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A Personal Post on Being a Heart Baby & my Surgery Tomorrow

Thank goodness for yoga teacher training and for having a husband with the motto "Calm Blue Ocean". Thank goodness for my psychologist mother, aka the Dalai Mama, and for my amazing network of family and friends. Thank goodness for my incredibly supportive clients.

On Friday afternoon I got the update that it's time for my next heart surgery. I can't say this was totally unexpected. They gave me a range of 2 to 17 months {or more} at my last visit, so you know, plan around that as a small business owner. Could be tomorrow. Could be in 2 years. Turns out it's Wednesday and was scheduled with a quick call to an admin on Friday; "Does he have time for a pacemaker changeout next week? ... Wednesday? ... Great."

Holding my last pacemaker over the area where my current pacemaker sits nuzzled into the muscle, pacing my heart. Photo by Emily Leahy, one year ago.

Holding my last pacemaker over the area where my current pacemaker sits nuzzled into the muscle, pacing my heart. Photo by Emily Leahy, one year ago.

That's right - I'm 29 and have a pacemaker. I suppose it doesn't sound that young anymore but imagine saying that about a 3 year old. It started with a routine pediatric checkup where they noticed an incredibly slow heart rate. Rushed to the ICU, for 4 weeks I was poked and prodded, tested for everything imaginable. As was my mother - healthy as can be. They found out that I had complete heart block; the heart beat from one atrium was not being transmitted to the other. Amazingly, my heart knew to do it on it's own; just at a very low pace. {I generate about 30 beats a minute to this day on my own without my pacemaker's help.} The doctors couldn't find a source for this arrhythmia. I wasn't born with it. They decided a pacemaker could solve for it so just about a month later, I had my first surgery. My pacemaker was put in by my abdomen because little me couldn't fit one in my shoulder/chest area. Cut open, starting at my belly button all the way to my mid ribs, and sewn up. Besides my torso length scar and inability to go through metal detectors or attend magic shows {sorry to give it away, it's all done with magnets}, everything pretty much went back to usual. My poor parents were finally able to get some sleep.

Looking back all I can remember is the operating room. Gray metal. The operating table. Empty. I've been told that you don't form lasting memories at that age, not yet 3, unless of course you undergo a trauma. But the real survivors were my parents. My sisters, 5 and 9, were shipped off to FL to stay with our grandparents for a few weeks. My mom slept in a chair by my bedside - for a month. She went home for one night about 3 weeks in to shower and attempt to sleep. My grandmother stayed the night in the hospital. My heart rate dropped to 13 beats a minute that night without her by my side. If you ever need proof of a mother's love, of a mother's ability to carry her child through trauma, let me tell you there it was. Still to this day my mom comes with me to my cardiology appointments. The doctors never question it. I imagine they've met many Dr. Moms in their careers.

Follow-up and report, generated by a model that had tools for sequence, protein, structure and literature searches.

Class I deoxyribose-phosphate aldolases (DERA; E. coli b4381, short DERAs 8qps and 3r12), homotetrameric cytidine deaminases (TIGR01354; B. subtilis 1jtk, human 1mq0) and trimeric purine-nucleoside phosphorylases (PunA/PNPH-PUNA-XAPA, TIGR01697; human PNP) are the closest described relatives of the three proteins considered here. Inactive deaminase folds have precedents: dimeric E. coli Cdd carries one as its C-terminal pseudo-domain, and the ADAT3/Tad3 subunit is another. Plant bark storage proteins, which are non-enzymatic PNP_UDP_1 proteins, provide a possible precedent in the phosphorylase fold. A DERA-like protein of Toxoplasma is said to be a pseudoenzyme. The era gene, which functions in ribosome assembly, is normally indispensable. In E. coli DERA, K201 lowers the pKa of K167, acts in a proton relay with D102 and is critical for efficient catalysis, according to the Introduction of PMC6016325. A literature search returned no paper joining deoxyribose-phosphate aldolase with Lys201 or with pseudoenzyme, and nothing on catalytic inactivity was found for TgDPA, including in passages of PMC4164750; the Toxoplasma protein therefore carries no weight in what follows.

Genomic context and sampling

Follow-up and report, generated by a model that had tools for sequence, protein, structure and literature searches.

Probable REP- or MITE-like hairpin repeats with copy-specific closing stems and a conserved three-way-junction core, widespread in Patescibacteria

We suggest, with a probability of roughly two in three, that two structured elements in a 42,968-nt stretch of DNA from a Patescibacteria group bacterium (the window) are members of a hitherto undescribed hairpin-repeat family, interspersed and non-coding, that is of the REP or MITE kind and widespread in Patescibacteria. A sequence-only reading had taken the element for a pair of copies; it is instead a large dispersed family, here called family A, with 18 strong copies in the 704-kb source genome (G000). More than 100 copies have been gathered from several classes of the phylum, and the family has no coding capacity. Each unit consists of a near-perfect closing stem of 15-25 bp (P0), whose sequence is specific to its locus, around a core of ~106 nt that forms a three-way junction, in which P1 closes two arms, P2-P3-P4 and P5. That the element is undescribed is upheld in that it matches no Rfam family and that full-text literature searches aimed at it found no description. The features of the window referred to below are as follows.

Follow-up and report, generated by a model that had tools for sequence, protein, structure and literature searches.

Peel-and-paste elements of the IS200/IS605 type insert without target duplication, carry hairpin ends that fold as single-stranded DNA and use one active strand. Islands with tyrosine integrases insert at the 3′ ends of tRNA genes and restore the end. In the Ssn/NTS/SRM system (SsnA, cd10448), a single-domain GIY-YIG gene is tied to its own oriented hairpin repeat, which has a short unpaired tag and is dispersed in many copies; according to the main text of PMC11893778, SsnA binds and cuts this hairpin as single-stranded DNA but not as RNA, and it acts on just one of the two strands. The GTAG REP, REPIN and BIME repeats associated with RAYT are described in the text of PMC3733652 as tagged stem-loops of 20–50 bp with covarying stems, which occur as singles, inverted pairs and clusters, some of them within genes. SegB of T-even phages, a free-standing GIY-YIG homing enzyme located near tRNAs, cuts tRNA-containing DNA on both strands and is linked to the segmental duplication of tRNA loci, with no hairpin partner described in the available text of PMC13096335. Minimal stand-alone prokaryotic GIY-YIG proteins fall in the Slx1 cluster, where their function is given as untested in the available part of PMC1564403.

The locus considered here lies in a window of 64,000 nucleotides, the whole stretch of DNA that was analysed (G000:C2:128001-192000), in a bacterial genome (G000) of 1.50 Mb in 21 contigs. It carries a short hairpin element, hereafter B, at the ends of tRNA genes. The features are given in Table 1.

Holding my last pacemaker over the area where my current pacemaker sits underneath, about 1/2 the size of the older one. Photo by Emily Leahy, one year ago.

Holding my last pacemaker over the area where my current pacemaker sits underneath, about 1/2 the size of the older one. Photo by Emily Leahy, one year ago.

The reason I'm sharing this story is because I met a Dr. Mom of another heart baby a couple of years ago. I was at Chakra Power Yoga {then Jai Yoga} and saw Michaela across the room. My good friend, now owner of the studio, Nicole Burrill had told me Michaela's story. So after class I introduced myself and told her that I was a heart baby, all grown up, completely healthy and happy, a survivor; she started to cry. I realized that when you're in the moment, when your baby is 2, not yet 3, it's hard to see him at 30, all grown up, completely healthy and happy. I wanted to show her that it happens, that they'd get through the hard time and that things would return to normal. She spoke at the next Yoga Reaches Out event, New England Yogathon 2014, and while in line checking in, I happened to meet a woman whose son was a heart baby, now in his twenties. It's absolutely amazing to connect with other heart moms and babies because I used to think I was the only one. Keep in mind, there was no facebook to share and connect on. I'm writing this now for all the moms out there in the thick of it. Your child will be okay. Everything will return to normal.

My surgery on Wednesday will be a minor one; a simple battery replacement. The technology since my last surgery has improved dramatically; this will be my first outpatient surgery and my first time with conscious sedation instead of general anesthesia. I will be off shooting the rest of the month to allow my shoulder to heal. {I'll also be off yoga, my gym, and pretty much all movement so feel free to stop by if you're in the area and in the mood to, you know, sit a while.}

A huge thank you to my July yoga clients for the last minute rescheduling of sessions. I cannot tell you enough how much I appreciate your flexibility and understanding. August wedding and yoga clients, get ready for a huge amount of energy from me after being cooped up for July!!

Namaste

Tracy

PS - The beautiful jewelry in these photographs {necklace, wedding band, wedding ring} is from my aunt's store, Peridot Fine Jewelry in Larchmont, NY and online.